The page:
The background is, as I have shown, one of considerable real growth from the early to the mid-1970s. Most main heads of BRE expenditure reached peak levels at various points between 1974–75 and 1976–77.

I turn now to details of the staff cuts. In most parts of the public service, which includes Government scientists and administrators, the cuts made were in terms of the differences between public expenditure survey strength projections to April 1978 and new target complements fixed at lower levels. There were also staff cost ceilings, designed to maintain structural balance between grades. The gross cut in numbers we were obliged to apply to research was one of 13.9 per cent. in these terms. This percentage was above the average for the former DOE, which includes the Transport Department, but was not as great as that for several other major units.

Shortly after these decisions were taken, the former DOE was split in two, in September 1976, by the creation of a new Department of Transport. For most purposes, including the Votes of this House, the two Departments are now separate. They have, however, retained common services for personnel management, and also for research. There is now, therefore, under the director-general of research, a research service, which, as well as having a headquarters staff, includes two establishments mainly serving DOE, and one mainly serving the Department of Transport.

The latter is the transport and road research laboratory at Crowthorne, which is wholly financed from Department of Transport Votes. The Department of the Environment establishments are BRE and the relatively small hydraulics research station, which now has a staff of 188.

Within this framework, the decisions taken entailed almost identical percentage reductions for BRE and TRRL, though by general agreement HRS, being smaller, was treated a little less severely.

Two important conclusions follow—first, that it is not true that research work was singled out, over and above all else, for particularly harsh treatment within the two Departments. It is also untrue that, within the research service, BRE was singled out for treatment any harsher than that applied to the other establishments.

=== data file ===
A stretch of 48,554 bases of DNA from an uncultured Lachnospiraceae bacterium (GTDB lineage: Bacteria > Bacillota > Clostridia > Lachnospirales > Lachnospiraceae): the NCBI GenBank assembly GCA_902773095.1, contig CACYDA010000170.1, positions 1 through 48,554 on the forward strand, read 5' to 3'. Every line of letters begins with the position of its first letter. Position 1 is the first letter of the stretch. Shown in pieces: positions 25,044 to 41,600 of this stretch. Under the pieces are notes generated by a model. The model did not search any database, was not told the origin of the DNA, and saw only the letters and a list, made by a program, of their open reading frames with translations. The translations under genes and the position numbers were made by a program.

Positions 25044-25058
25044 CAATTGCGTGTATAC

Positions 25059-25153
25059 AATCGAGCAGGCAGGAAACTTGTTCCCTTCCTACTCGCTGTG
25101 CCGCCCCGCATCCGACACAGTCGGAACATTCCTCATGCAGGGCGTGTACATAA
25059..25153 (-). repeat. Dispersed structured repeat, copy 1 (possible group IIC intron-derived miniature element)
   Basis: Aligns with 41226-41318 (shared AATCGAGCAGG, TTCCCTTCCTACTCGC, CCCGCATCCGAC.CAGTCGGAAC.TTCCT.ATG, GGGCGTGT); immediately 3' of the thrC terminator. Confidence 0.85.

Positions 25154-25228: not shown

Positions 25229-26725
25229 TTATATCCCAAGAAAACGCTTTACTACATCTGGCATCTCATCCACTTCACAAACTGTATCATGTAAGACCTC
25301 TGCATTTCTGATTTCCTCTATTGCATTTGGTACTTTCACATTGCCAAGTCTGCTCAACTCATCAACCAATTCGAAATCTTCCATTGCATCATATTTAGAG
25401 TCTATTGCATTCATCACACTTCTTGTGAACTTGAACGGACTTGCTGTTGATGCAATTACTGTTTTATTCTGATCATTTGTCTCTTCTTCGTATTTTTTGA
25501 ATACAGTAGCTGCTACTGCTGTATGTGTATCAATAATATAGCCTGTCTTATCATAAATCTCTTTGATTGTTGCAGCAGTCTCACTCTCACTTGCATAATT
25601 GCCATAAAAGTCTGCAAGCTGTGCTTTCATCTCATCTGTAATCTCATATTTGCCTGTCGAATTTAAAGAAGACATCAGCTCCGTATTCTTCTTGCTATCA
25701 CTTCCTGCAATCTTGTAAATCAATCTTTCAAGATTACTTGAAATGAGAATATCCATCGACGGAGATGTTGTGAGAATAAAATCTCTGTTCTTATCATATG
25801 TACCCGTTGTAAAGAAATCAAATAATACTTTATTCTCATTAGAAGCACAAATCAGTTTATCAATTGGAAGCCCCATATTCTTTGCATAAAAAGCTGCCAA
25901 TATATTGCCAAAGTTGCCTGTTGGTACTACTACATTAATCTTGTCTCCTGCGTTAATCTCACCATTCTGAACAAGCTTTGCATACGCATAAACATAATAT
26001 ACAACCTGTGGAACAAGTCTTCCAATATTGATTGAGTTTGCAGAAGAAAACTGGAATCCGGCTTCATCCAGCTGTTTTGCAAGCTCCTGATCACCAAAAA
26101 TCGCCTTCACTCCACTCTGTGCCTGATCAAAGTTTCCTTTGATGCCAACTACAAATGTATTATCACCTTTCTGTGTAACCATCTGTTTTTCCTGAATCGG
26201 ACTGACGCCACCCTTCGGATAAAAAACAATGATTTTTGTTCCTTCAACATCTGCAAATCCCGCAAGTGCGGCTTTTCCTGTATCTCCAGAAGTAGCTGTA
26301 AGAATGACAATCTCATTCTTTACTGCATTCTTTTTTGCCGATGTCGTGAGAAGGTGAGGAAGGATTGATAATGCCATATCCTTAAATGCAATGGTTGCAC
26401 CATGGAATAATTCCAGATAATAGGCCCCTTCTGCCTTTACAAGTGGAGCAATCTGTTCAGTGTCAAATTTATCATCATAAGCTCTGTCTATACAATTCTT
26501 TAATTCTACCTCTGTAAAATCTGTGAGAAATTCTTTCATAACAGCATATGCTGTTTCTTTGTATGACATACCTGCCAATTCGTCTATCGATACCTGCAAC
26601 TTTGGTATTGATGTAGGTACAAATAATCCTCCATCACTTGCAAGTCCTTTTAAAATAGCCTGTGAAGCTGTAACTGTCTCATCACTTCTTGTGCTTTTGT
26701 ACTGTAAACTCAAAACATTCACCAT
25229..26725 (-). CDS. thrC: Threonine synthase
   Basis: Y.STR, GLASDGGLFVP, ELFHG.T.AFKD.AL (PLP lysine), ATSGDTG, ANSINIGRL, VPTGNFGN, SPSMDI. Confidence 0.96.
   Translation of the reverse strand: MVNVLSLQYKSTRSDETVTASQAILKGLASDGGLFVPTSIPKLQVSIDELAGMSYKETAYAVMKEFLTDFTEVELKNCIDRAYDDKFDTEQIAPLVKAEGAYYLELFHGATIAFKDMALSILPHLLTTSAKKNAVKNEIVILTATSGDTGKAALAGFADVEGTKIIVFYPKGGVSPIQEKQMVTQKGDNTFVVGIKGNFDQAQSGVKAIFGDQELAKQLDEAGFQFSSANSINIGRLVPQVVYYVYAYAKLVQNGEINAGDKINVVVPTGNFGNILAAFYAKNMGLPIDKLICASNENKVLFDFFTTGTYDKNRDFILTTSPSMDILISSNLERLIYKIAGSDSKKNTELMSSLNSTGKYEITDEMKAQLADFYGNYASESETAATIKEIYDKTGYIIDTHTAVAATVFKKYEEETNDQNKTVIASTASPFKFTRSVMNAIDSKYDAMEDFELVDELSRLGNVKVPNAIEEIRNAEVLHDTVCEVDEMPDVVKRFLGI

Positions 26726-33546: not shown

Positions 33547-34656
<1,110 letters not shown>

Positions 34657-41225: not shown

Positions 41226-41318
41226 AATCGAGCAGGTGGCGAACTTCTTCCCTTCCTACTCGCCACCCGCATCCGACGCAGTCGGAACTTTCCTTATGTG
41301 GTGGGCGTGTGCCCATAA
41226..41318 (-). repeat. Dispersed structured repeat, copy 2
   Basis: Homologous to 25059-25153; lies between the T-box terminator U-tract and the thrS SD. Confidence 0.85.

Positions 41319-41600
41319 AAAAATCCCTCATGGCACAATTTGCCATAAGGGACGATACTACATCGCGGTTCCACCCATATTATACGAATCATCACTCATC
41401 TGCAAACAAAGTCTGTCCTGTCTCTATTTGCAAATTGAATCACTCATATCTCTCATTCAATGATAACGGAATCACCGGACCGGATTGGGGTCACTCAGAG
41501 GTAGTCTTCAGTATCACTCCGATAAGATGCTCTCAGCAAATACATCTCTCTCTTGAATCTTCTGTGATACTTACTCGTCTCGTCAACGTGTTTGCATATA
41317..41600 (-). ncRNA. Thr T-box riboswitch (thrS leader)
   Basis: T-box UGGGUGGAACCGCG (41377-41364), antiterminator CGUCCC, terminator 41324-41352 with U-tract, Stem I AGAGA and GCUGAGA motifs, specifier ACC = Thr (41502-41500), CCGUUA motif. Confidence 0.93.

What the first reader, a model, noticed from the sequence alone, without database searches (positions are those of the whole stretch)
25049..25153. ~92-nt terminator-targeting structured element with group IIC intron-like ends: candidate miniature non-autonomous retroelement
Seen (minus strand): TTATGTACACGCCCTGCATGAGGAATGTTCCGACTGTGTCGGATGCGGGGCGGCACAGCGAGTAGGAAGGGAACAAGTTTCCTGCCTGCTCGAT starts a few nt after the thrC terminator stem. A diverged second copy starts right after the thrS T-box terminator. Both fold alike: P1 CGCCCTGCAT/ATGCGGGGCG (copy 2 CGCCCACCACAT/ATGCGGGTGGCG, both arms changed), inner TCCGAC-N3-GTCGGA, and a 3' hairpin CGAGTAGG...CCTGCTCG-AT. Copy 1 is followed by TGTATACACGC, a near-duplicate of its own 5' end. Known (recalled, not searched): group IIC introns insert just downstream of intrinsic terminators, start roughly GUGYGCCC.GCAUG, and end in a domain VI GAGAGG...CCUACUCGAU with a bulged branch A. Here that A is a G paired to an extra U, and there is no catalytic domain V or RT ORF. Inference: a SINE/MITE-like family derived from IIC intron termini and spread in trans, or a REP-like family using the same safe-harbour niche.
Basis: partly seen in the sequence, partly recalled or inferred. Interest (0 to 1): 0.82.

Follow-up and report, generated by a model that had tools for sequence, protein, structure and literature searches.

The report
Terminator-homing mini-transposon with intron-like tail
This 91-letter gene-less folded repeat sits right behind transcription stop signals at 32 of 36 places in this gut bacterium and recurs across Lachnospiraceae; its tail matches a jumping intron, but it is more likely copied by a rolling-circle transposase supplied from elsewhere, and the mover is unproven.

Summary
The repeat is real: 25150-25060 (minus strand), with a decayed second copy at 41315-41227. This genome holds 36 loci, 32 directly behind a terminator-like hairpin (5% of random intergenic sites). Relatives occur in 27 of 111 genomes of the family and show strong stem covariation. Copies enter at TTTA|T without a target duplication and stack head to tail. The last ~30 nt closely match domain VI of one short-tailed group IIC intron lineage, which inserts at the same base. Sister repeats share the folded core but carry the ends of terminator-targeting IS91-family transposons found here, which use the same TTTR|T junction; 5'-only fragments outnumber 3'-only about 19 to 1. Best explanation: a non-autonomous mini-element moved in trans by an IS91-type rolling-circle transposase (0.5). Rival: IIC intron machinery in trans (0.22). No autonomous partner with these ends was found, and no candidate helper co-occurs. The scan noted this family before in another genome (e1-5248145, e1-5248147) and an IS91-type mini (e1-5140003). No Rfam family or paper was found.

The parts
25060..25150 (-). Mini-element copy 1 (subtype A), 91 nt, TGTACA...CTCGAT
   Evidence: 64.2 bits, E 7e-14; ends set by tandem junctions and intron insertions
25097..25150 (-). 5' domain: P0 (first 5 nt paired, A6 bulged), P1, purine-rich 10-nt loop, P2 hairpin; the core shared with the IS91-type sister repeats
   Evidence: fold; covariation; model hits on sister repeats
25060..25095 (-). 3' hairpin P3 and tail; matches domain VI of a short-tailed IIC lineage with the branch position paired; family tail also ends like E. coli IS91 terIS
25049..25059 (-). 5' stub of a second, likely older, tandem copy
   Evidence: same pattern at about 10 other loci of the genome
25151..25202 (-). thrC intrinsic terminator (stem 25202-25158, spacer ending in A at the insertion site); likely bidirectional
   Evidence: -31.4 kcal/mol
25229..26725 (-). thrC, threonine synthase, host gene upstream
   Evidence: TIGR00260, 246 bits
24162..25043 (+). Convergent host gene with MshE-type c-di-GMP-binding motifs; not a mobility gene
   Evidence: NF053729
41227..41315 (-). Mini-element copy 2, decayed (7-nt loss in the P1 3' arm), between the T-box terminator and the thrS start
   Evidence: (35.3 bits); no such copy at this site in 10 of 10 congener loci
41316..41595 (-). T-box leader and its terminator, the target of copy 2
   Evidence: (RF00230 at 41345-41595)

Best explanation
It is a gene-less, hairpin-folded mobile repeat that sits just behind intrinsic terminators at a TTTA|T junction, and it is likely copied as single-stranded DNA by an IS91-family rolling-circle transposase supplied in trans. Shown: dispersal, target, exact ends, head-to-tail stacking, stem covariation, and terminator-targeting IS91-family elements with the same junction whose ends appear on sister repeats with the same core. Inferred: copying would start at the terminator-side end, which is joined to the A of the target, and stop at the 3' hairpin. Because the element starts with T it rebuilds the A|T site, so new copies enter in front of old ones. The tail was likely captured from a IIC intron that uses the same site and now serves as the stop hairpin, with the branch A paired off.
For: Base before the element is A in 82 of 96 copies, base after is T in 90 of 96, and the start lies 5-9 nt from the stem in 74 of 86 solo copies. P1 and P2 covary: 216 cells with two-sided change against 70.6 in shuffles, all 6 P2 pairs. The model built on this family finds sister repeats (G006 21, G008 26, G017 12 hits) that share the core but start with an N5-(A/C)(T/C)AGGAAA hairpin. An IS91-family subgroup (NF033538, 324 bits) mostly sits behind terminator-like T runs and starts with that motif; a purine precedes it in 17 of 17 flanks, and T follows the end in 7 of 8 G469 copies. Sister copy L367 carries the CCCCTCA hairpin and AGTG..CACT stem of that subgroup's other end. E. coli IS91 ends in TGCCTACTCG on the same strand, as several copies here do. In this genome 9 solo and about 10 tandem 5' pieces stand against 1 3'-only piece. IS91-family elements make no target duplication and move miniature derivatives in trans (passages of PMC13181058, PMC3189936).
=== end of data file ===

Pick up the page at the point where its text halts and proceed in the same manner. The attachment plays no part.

Nevertheless, the practical problems which the achievement of these cuts presented were formidable. Leaving aside industrial staff, strength at April 1976 for the research service as a whole was 2,109. This had to be reduced to 1,895 in less than two years, and it was, especially in view of the cost ceilings, necessary to work out new target complements—group by group and grade by grade. On this basis, the net cut we needed to make across the research service was 10 per cent. It was, of course, an over-riding objective to seek to achieve this if possible without compulsory redundancies.

The main problems this presented were for the science group, where we could not hope to achieve this in a balanced way by wastage alone. It was therefore necessary to introduce a series of measures for this group which included lowering to 60 the normal age of retirement for the more senior staff, a reduction in the rate of promotions, and provision, on "public interest" terms, for a limited number of voluntary premature retirements. Only the last of these proposals was attractive to the staff concerned, and on that they had reservations about the size of the offer. Lengthy negotiations with the appropriate staff associations were therefore necessary, and these have taken substantially longer than we had expected.

We have meanwhile had until now to suspend recruitment almost entirely, and in these circumstances have reached—and indeed fallen slightly below—our overall target strength for this group. We have also virtually reached our overall cost ceiling. Throughout the research service, the present science group staff pattern is thus unbalanced, being the product of wastage almost alone. There are various specific difficulties at more senior levels, but the problem common to all these research establishments is a considerable staff shortage at the scientific officer and assistant scientific officer levels where wastage has been greatest.

These factors have had a particularly heavy effect on BRE, partly because of the age structure of the staff. The number of science group staff there is now some 25 below the new target complement, and strength will fall considerably further during the summer before it begins to recover as a result of resumed recruitment. About two-thirds of these vacancies are at junior levels, but the rest include a number of section heads posts.